NYPD ordered to disclose records of secret X-ray vans

After three years' worth of court battles, Propublica has won a court order forcing the NYPD to release details of its X-ray surveillance vans, whose radiation risk has never been independently studied or verified (much like the notorious pornoscanners, which were supposedly harmless, but which turned out to be sources of dangerous radiation).

The NYPD's lawyers managed to forestall the disclosure of its records by waving its hands in the air and shouting "terrorism, terrorism!"

"It's not that the radiation from these machines is very high," Peter Rez, an Arizona State University physicist, told ProPublica in 2012. "It's 'Does the benefit outweigh the risk?' "

The long-term health risks of low levels of radiation are unknown. But the National Academy has taken the position that the danger comes from cumulative exposure and that even trivial amounts increase the risk of cancer.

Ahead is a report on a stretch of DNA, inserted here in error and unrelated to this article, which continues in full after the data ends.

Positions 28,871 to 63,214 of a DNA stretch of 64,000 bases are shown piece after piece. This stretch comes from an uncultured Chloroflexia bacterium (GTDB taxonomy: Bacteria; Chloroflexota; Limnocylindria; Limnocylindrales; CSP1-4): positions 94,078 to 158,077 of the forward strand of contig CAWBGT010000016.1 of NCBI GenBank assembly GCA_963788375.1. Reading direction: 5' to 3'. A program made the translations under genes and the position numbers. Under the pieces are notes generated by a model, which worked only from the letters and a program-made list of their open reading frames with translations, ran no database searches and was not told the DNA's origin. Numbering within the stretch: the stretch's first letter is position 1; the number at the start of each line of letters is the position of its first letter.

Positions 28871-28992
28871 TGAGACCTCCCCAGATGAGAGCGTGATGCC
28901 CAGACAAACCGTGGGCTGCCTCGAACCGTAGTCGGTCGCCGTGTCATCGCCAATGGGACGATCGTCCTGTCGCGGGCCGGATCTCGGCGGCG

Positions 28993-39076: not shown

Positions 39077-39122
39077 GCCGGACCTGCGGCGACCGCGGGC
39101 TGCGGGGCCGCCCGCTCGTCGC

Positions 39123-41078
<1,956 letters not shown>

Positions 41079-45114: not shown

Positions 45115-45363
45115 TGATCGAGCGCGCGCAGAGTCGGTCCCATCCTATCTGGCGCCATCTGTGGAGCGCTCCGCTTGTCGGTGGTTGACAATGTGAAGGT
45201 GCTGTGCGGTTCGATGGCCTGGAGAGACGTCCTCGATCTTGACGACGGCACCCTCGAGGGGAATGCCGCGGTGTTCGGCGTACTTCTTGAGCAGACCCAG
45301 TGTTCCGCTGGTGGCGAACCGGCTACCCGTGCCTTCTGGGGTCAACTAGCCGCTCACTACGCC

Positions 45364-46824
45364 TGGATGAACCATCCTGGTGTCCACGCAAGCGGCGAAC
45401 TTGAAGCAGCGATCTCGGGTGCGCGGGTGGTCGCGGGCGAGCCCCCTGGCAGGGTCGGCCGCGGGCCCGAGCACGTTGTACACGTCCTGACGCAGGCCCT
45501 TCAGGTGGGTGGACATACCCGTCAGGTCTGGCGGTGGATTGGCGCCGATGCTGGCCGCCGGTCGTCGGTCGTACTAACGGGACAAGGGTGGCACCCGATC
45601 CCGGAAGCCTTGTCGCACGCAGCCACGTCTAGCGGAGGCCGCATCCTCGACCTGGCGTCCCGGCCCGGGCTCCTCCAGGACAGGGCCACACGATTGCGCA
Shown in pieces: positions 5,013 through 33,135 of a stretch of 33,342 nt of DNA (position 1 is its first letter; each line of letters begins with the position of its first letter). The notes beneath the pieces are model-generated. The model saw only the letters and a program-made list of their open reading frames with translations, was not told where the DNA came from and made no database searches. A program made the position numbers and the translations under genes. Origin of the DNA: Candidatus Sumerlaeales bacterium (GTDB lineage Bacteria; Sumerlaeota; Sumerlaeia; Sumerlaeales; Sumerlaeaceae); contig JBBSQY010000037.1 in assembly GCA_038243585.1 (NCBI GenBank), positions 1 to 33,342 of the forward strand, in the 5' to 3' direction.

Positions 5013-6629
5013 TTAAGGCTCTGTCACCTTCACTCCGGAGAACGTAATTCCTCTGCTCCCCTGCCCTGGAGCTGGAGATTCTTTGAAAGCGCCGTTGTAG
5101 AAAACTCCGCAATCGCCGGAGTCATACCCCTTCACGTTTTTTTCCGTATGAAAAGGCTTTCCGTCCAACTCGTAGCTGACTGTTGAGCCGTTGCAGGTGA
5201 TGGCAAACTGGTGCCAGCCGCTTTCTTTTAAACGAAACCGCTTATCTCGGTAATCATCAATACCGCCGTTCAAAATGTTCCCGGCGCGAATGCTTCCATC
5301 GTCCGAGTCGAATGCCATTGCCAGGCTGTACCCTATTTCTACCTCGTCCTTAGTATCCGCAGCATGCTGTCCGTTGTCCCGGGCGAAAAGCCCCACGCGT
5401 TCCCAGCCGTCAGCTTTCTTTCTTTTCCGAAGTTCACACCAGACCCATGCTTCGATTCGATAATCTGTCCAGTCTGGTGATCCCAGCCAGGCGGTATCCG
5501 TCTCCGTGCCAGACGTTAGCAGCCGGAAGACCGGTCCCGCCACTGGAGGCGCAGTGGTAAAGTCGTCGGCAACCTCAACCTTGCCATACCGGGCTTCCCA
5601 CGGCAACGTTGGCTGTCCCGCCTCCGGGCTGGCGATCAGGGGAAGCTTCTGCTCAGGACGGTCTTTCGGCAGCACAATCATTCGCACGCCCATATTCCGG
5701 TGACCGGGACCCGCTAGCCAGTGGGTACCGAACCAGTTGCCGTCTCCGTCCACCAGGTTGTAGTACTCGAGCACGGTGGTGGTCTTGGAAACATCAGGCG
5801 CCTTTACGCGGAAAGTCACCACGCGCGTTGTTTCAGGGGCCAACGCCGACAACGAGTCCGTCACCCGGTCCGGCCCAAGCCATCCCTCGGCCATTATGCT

The X-ray vans—which reportedly cost between $729,000 and $825,000 each—are designed to find organic materials such as drugs and explosives. The rays penetrate the metal in a car or concrete in a building and scatter back to a detector, producing an image of what's inside. The van can scan while driving alongside a row of shipping containers or while parked as cars pass by. Customs agencies around the world have used them to fight drug and human smuggling.

But most Federal Drug Administration regulations for medical X-rays do not apply to security equipment, leaving the decision of when and how to use the scanners up to law enforcement agencies such as the NYPD.

The NYPD's policies are of particular interest because many agencies have adopted strict policies to address potential harm from backscatter X-ray scans. When Customs began using the vans extensively in 2010, the agency prohibited their use on occupied vehicles and required that people get out of the vehicles before they were X-rayed.

Judge Orders NYPD to Release Records on X-ray Vans [Michael Grabell/Pro Publica]